Tuning Ruger Single Actions

Learn how gunsmithing students at Trinidad State College are taught to tune two-screw Ruger single action handguns.

by Dan Croghan and Gary Yee

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The following is a report from notes taken during the NRA Summer Gunsmithing Program at Trinidad State College as taught by Professor Ryan Newport, the school’s Gunsmithing Department Head. This is typical of the courses offered at Trinidad State College. Dan Croghan and Gary Yee were gunsmithing classmates at Trinidad State from 2012-2014.

Ruger revolvers are among the most durable and reliable firearms in the industry. Concurrently, Ruger revolvers also have some of the worst trigger pulls of any factory gun. Fortunately, there is something you can do as a gunsmith to improve them and make your customer happy.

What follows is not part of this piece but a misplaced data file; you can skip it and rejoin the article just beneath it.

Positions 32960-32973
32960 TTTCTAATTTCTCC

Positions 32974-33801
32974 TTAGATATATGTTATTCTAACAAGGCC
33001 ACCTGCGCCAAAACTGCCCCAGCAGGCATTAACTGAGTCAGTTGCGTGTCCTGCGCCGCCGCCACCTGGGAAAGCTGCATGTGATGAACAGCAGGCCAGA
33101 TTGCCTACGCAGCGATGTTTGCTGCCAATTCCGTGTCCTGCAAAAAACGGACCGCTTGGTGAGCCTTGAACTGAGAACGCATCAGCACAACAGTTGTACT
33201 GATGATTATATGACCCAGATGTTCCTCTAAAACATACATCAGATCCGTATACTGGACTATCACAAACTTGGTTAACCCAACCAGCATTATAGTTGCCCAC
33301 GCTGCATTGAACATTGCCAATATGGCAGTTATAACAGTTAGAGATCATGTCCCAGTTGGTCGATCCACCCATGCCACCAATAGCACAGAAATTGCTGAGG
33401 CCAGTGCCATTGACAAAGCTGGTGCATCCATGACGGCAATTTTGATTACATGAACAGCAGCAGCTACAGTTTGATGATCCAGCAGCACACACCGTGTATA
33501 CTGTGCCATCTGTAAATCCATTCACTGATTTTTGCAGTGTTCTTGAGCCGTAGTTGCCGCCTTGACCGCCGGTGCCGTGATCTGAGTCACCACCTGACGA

While outwardly appearing like the Colt Single Action Army, internally the Ruger has a very different lockwork that incorporates numerous superior safety features. When cocking the Ruger one of the first things you will notice is that, unlike the Colt, there is neither a half cock nor is there any need for one. There are several reasons for this. First, Ruger has a proven transfer bar that requires the trigger to be depressed for it to be raised. When struck by the hammer, the transfer bar transfers energy to the captured spring loaded frame mounted firing pin and drives the firing pin forward. Unless there is pressure on the trigger, the trigger bar will not rise and the hammer drops on the frame instead of on the firing pin.

The second reason for the lack of half cock is the hammer itself has…

Read more in the September 2022 issue.

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